General Fields Courses

fren 233: Novels of the Twenty-First Century (morgane cadieu)

Exploration of twenty-first-century novels by Bernheim, Bouraoui, Darrieussecq, Garréta, NDiaye, Modiano, Pireyre, Rolin, and Volodine. Emphasis on new literary movements and genres as well as on literary life (media, prizes, publishing houses, literary quarrels, digitalization). Topics of the novels include: description of urban and rural settings; memory, war, and migrations; queer and postcolonial subjectivities, ecology; global France and world-literature. Students will be invited to select and read a novel of their choice from the Fall 2021 list of new releases.

Special Topics Courses

fren 270: mad poets (thomas connolly)

A lecture course introducing undergraduates to the rich tradition of poetry written in French (and German) during the nineteenth and twentieth centuries. Each week is devoted to exploring the life and work of a poet whose ways of behaving, creating, and perceiving the world might be described as insane. There is, perhaps, no shortage of mad poets, but those whose life and work provide topics for discussion here include Hölderlin, Nerval, Baudelaire, Rimbaud, Verlaine, Mallarmé, Lautréamont, Apollinaire, Breton, Artaud, and Celan. Students become familiar with the tools required to read, interpret, understand, and enjoy poetry, and develop an understanding of the poems’ broader literary historical, philosophical, and political significance. Regular references are made to other modes of expression, including painting, photography, film, music, dance, philosophy, theater, and architecture. 

Lectures in English. Sections in English or French. Readings available both in original language and in English translation.

fren 309: Fictions of Consumer Society (morgane cadieu) 

The seminar examines literary and cinematic versions of the consumer society—from the late nineteenth to the twenty-first century—by discussing: the aesthetics of everyday life; the representation of stores, supermarkets, and malls in rural and urban settings; consumerism and colonization; mythologies, commodities, and gender norms; labor and waste; and the attention to objects (still life, window displays). Works by Danticat, Ernaux, Houellebecq, NDiaye, Perec, Reza, and Zola. Films by Demy, Godard, Tati, and Varda. Short theoretical excerpts by Baudrillard, Barthes, and Moudileno. No knowledge of French required.

fren 366 Writers and Artists in Paris, 1780–1914(marie-hélène girard)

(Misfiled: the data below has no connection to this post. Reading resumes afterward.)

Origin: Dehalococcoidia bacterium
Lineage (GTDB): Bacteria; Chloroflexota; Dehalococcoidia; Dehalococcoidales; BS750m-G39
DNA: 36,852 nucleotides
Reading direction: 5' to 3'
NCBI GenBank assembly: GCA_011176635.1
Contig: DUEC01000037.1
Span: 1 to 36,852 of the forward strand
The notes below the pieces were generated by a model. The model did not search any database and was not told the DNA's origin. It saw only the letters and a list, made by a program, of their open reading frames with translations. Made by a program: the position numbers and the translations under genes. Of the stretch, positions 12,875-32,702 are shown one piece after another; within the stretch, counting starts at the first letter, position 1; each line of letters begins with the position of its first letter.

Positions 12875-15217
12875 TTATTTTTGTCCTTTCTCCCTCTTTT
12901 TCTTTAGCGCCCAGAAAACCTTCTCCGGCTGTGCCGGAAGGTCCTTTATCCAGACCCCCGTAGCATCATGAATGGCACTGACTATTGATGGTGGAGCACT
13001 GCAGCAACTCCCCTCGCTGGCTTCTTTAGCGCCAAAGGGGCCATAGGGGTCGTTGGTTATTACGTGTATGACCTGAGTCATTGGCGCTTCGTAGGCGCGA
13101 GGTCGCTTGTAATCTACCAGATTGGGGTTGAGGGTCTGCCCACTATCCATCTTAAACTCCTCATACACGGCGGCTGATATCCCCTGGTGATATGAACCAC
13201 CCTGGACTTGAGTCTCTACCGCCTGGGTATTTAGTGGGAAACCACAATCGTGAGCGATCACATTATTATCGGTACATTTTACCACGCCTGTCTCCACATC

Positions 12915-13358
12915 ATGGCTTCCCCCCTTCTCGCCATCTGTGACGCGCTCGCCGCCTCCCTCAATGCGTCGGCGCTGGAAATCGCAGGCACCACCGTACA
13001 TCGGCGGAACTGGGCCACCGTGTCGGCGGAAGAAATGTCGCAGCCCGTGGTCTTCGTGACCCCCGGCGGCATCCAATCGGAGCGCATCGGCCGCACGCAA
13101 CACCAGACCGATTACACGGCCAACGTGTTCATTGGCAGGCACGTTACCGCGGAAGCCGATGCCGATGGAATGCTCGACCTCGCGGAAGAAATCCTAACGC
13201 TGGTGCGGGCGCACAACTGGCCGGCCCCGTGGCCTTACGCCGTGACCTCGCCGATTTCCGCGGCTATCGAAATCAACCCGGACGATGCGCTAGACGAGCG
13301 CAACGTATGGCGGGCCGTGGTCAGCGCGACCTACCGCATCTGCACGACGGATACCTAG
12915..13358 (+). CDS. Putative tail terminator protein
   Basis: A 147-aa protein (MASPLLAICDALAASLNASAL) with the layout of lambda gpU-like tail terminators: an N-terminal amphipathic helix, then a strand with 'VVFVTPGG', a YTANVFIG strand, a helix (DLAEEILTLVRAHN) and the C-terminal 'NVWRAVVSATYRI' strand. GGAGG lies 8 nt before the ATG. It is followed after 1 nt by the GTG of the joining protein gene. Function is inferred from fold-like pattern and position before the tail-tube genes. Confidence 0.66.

Ways in which the transformation of Paris shaped the representation of artists who lived and worked in the French capital from the end of the Old Regime until the eve of World War I. The emergence of Paris as a cultural marker; the role played by the image of the bohemian or the artiste maudit. Authors and artists include David, Balzac, Delacroix, Baudelaire, Manet, Mallarmé, impressionist painters, and Picasso.

FREN 481: Racial Republic: African Diasporic Literature and Culture in Postcolonial France (Fadila Habchi)

This is an interdisciplinary seminar on French cultural history from the 1930s to the present. We focus on issues concerning race and gender in the context of colonialism, postcolonialism, and migration. The course investigates how the silencing of colonial history has been made possible culturally and ideologically, and how this silencing has in turn been central to the reorganizing of French culture and society from the period of decolonization to the present. We ask how racial regimes and spaces have been constructed in French colonial discourses and how these constructions have evolved in postcolonial France. We examine postcolonial African diasporic literary writings, films, and other cultural productions that have explored the complex relations between race, colonialism, historical silences, republican universalism, and color-blindness. Topics include the 1931 Colonial Exposition, Black Paris, decolonization, universalism, the Trente Glorieuses, the Paris massacre of 1961, anti-racist movements, the “beur” author, memory, the 2005 riots, and contemporary afro-feminist and decolonial movements.

First-Year Seminar

TBA